In fact, just recently, another deeply embarrassing chapter has been added to the Goeblesian history of the RSS/BJP: In a volume (RSS Aur Bharti Jana Sangh Ki Sthapna Ka Itihaas—RSS and the History of the Establishment of the Jana Sangh), one of several commissioned by the Hindu Right to commemorate the silver jubilee of the existence of the BJP, the authors (both RSS insiders), Makhan Lal and J.K.Mathur, have forthrightly inscribed the truth that the RSS and the Jana Sangh—the predecessor of the BJP—were created to ‘counter the muslims.’Having in recent years charged India’s secular historians of ‘distorting’ Indian history, the RSS now claims its own history has been distorted by its own historians! Never mind that they spoke the plain truth.

Ever since India’s Independence in 1947, thus, the Hindu Right in India, led by the RSS, has refused allegiance to either the secular Indian Constitution or the national flag, the Tricolour.  This despite the fact that such allegiance was enjoined upon them by the post-Independence government led by Nehru as quid pro quo to the release of their leaders from incarceration which had resulted from suspicion of their involvement in the conspiracy to murder Gandhi in 1948.

When the eastern wing of Pakistan seceded in 1971 to establish an independent Bangladesh, despite a shared religious affiliation, the world had resonant proof that a  common religion alone could not be a viable basis for State-formation.  Much as the RSS then applauded Pakistan’s break-up, the larger lesson was lost on it.  It thus continued to view Nepal, a Hindu theocratic State, as an object of its own dreams, and the King as a veritable avatar of the Hindu god, Vishnu.  The new development in Nepal has thus driven a stake not just through the Nepalese theocratic monarchy but of the RSS as well, just at it has lent force to all those in India who have maintained that only a secular and pluralist India can be a modern and viable India.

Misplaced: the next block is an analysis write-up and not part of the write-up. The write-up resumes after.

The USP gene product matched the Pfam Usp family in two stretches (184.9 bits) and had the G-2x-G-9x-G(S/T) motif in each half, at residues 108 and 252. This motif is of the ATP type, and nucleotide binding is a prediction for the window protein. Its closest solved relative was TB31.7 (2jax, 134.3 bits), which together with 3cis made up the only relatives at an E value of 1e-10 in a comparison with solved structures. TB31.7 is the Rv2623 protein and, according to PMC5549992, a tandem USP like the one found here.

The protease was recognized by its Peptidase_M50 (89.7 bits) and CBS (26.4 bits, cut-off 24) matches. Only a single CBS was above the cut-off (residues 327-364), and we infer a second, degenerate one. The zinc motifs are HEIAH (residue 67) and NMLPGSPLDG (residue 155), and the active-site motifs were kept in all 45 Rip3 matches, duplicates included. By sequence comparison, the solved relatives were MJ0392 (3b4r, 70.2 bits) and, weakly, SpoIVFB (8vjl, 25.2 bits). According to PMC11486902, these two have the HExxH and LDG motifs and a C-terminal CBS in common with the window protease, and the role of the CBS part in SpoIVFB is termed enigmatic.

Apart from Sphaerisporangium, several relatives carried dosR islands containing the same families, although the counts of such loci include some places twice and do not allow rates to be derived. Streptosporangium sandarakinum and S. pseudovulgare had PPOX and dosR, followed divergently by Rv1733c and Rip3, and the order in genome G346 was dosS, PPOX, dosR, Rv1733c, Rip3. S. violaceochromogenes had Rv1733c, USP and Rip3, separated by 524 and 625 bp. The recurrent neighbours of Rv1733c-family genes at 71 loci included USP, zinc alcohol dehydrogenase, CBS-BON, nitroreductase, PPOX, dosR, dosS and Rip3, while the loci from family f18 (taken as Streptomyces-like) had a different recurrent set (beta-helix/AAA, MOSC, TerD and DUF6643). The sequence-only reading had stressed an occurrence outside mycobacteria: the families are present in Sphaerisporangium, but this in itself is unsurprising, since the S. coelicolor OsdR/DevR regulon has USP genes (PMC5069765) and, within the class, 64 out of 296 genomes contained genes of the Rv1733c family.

Furthermore, one of the chief accusations of the RSS against India’s Congress Party (which had led the struggle for independence from colonial rule), has been that it has always engaged in pampering India’s religious minorities, chiefly the muslims.  The RSS calls this the Congress’s ‘minorityism.’ With news coming now from the new Nepal that provisions will be enshrined there as well for protective and enabling laws in the interests of Nepalese ethnic and religious minorities, the RSS has lost another one of its major propaganda mechanisms against India’s secular parties.

All in all, the Nepalese events bear a resonance that stretches way beyond life in Nepal.  Indeed, these lessons need not be restricted only to the RSS in India; they seem of equal relevance to large parts of the world where Islamic ideologues seek to deny secular, democratic forms of Statehood, and perhaps also to the new crop of born-again Evangelists in America whose vision of Statehood in recent years has not, after all, been too different from that of those whom they seek to defeat.